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iOS From Scratch With Swift: Building a Shopping List Application 1

In the next two lessons, we’ll put what we learned in this series into practice by creating a shopping list application. Along the way, you’ll also learn a number of new concepts and patterns, such as creating a custom model class and implementing a custom delegate pattern. We’ve got a lot of ground to cover so let’s get started.

Outline

The shopping list application we’re about to create has two features, managing a list of items and creating a shopping list by selecting items from the list.

We’ll build the application with a tab bar controller to make switching between the two views fast and straightforward. In this lesson, we focus on the first feature. In the next lesson, we the finishing touches on this feature and zoom in on the shopping list, the application’s second feature.

Even though the shopping list application isn’t complicated from a user’s perspective, there are several decisions that need to be made during its development. What type of store do we use to store the list of items? Can the user add, edit, and delete items? These are questions that we address in the next two lessons.

In this lesson, I also show you how to seed the shopping list application with dummy data to give new users something to start with. Seeding an application with data is often a good idea to help new users get up to speed quickly.

1. Creating the Project

Launch Xcode and create a new project based on the Single View Application template in the iOS > Application section.

iOS From Scratch With Swift: Building a Shopping List Application 1

Name the project Shopping List and enter an organization name and identifier. Set Language  to Swift and  Devices to  iPhone . Make sure the checkboxes at the bottom are unchecked. Tell Xcode where to save the project and click  Create .

iOS From Scratch With Swift: Building a Shopping List Application 1

2. Creating the List View Controller

As you might have expected, the list view controller is going to be a subclass of UITableViewController . Create a new class by selecting  New > File… from the  File  menu. Select  Cocoa Touch Class from the  iOS > Source section.

iOS From Scratch With Swift: Building a Shopping List Application 1

Name the class ListViewController and make it a subclass of  UITableViewController . Leave the checkbox Also create XIB file unchecked and make sure Languages  is set to  Swift . Tell Xcode where you want to save the class and click  Create .

iOS From Scratch With Swift: Building a Shopping List Application 1

Open Main.storyboard , select the view controller that’s already present, and delete it. Drag a  UITabBarController instance from the  Object Library and delete the two view controllers that are linked to the tab bar controller. Drag a UITableViewController from the  Object Library , set its class to  ListViewController in the  Identity Inspector , and create a relationship segue from the tab bar controller to the list view controller.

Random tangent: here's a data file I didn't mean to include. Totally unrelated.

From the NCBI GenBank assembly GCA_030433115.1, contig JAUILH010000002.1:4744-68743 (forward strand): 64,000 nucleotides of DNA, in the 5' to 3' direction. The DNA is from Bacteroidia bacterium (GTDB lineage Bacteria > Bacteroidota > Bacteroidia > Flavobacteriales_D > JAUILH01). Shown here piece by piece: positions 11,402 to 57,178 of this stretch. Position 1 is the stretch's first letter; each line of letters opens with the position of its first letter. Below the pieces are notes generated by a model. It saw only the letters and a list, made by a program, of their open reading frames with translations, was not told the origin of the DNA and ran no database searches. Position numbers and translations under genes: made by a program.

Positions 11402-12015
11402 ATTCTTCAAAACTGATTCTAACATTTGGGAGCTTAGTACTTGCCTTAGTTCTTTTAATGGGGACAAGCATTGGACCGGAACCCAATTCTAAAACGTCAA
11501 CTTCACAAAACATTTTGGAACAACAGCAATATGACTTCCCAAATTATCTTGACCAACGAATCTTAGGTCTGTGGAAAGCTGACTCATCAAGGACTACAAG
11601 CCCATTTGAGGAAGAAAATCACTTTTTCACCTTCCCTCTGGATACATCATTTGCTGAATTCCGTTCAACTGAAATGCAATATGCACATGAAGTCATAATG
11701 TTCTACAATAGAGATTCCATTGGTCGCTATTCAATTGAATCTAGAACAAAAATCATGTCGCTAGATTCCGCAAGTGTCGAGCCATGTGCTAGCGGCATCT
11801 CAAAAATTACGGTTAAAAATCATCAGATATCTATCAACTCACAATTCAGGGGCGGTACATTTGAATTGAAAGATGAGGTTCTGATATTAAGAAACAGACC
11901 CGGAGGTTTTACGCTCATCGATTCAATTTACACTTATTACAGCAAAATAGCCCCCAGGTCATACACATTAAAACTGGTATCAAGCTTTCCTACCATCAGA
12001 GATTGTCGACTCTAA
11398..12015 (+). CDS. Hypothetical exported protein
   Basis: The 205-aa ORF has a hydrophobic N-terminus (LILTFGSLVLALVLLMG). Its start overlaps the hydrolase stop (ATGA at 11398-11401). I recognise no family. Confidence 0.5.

Select the tab bar controller, open the Attributes Inspector , and make it the storyboard’s initial view controller by checking the checkbox  Is Initial View Controller .

iOS From Scratch With Swift: Building a Shopping List Application 1

The list view controller needs to be the root view controller of a navigation controller. Select the list view controller and choose Embed In > Navigation Controller from the  Editor menu.

iOS From Scratch With Swift: Building a Shopping List Application 1

Select the table view of the list view controller and set Prototype Cells in the  Attributes Inspector to 0 .

iOS From Scratch With Swift: Building a Shopping List Application 1

Run the application in the simulator to see if everything is set up correctly. You should see an empty table view with a navigation bar at the top and a tab bar at the bottom.

3. Creating the Item Model Class

How are we going to work with items in the shopping list application? In other words, what type of object do we use to store the properties of an item, such as its name, price, and a string that uniquely identifies each item?

The most obvious choice is to store the item’s properties in a dictionary. Even though this would work just fine, it would severely limit and slow us down as the application gains in complexity.

For the shopping list application, we’re going to create a custom model class. It requires a bit more work to set up, but it’ll make development much easier down the road.

Create a new class, Item , and make it a subclass of  NSObject . Tell Xcode where to save the class and click  Create .

Properties

Open Item.swift and declare four properties:

  • uuid  of type  String  to uniquely identify each item
  • name  of type  String
  • price  of type  Float
  • inShoppingList  of type  Bool  to indicate if the item is present in the shopping list

It’s essential that the Item class conforms to the  NSCoding protocol. The reason for this will become clear in a few moments. Take a look at what we’ve got so far. Comments are omitted.

import UIKit  class Item: NSObject {      var uuid: String = NSUUID().UUIDString     var name: String = ""     var price: Float = 0.0     var inShoppingList = false  }

Each property needs to have an initial value. We set name to an empty string, price to 0.0 , and inShoppingList to false . To set the initial value of uuid , we make use a class we haven’t seen before, NSUUID . This class helps us create a unique string or UUID. We initialize an instance of the class and ask it for the UUID as a string by invoking UUIDString() .

Give it a try by adding the following code snippet to the viewDidLoad() method of the ListViewController class.

let item = Item() print(item.uuid)